Type inference and implicit conversions
Because of the recent messages on the interaction between type inference
and implicit conversions, I'd like to call attention to my research
report, "Lambda Calculi with Implicit Type Conversions," in which I
present some results on the effects of alpha-, beta-, and eta-reduction
on the types of phrases in what I call "coercive lambda calculi."
By way of introduction, let me say that a "coercive lambda calculus" has
a partially ordered set of types. It has a principal type checking
discipline. Type inference is defined in terms of a homomorphism between
algebras because of my belief that determining the type of phrase should
be much easier than carrying out the computation denoted by a phrase. A
coercive lambda calculus has the untyped lambda calculus sitting in in a
Unsurprisingly, alpha-conversion does not change the type of a phrase.
However, the statement of this result that I give has an interesting
algebraic formulation saying that there is a unique homomorphism that
makes a certain diagram commute.
Beta-reduction may change the type of a phrase, but it does so in a
coherent way. Roughly speaking, the type of a phrase is reduced in the
partial order. Alternatively, one may say the type moves away from the
maximal type "top" (which I formerly called "nonsense"). This reflects
the intuition that beta-reduction is a positive computational step that
can bring us closer to the natural transformation that a phrase denotes
in a Cartesian closed category.
To obtain the above results on alpha-conversion and beta-reduction in an
elegant, one should first develop an algebraic approach to simultaneous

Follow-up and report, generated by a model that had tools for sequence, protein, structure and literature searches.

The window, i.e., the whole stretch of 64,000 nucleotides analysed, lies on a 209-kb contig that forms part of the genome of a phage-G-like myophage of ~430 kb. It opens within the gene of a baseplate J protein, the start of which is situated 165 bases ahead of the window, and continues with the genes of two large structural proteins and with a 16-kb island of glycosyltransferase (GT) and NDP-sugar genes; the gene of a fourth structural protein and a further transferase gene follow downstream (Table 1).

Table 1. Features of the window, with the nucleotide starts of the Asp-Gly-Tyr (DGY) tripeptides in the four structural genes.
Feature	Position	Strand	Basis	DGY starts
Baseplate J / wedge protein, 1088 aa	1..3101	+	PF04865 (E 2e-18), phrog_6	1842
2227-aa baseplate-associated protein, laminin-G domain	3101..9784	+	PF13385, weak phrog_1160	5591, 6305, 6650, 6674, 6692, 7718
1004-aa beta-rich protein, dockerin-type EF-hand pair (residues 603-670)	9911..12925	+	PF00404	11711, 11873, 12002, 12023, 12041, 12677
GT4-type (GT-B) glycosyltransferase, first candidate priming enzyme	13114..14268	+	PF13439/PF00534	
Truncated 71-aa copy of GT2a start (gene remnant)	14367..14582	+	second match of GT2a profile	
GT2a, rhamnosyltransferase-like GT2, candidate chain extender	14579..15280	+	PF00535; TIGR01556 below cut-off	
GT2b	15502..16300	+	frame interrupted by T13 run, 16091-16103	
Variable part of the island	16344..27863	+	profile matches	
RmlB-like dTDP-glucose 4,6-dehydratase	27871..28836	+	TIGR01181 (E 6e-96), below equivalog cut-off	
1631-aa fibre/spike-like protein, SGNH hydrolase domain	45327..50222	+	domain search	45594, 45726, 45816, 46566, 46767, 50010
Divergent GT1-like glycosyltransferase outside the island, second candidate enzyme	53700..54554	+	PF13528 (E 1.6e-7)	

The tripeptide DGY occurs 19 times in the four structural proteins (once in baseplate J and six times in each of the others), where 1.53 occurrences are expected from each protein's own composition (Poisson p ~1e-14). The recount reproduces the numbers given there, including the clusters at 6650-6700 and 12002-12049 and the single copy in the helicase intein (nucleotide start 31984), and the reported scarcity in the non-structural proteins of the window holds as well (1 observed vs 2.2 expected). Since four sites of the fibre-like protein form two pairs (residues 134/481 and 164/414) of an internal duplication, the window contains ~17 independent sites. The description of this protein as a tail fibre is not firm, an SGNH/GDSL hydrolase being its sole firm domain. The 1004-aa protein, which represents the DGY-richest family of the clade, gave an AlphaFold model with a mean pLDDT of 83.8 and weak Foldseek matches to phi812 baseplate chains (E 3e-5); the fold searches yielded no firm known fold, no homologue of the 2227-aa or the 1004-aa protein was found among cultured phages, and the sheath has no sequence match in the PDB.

substitution in any lambda calculus, and one should formulate a general
result describing what happens to the type of a phrase L when one
simultaneously substitutes new phrases for some of the identifiers that
occur freely (i.e. unbound, and hence, in a sense, untyped) in L. The
above results are then corollaries to the general theorem.
Eta-reduction is a delicate matter. I give a theorem indicating when
eta-reduction is reasonable, and in these cases eta-reduction reduces the
type of a phrase much as does beta-reduction. Certain phrases, that I
call "purely procedural phrases" (phrases that have higher order types
in all contexts) play a distingushed role because they have an
especially strong eta-reduction property: roughly speaking, an
eta-reduction which results in such a phrases causes no trouble, no
matter what the context.
Precise statements of these results with detailed proofs are in the
research report. Some of these results were in my Ph.D. dissertation,
but the new treatment is much more complete and more extensive.
Frank J. Oles (firstname.lastname@example.org)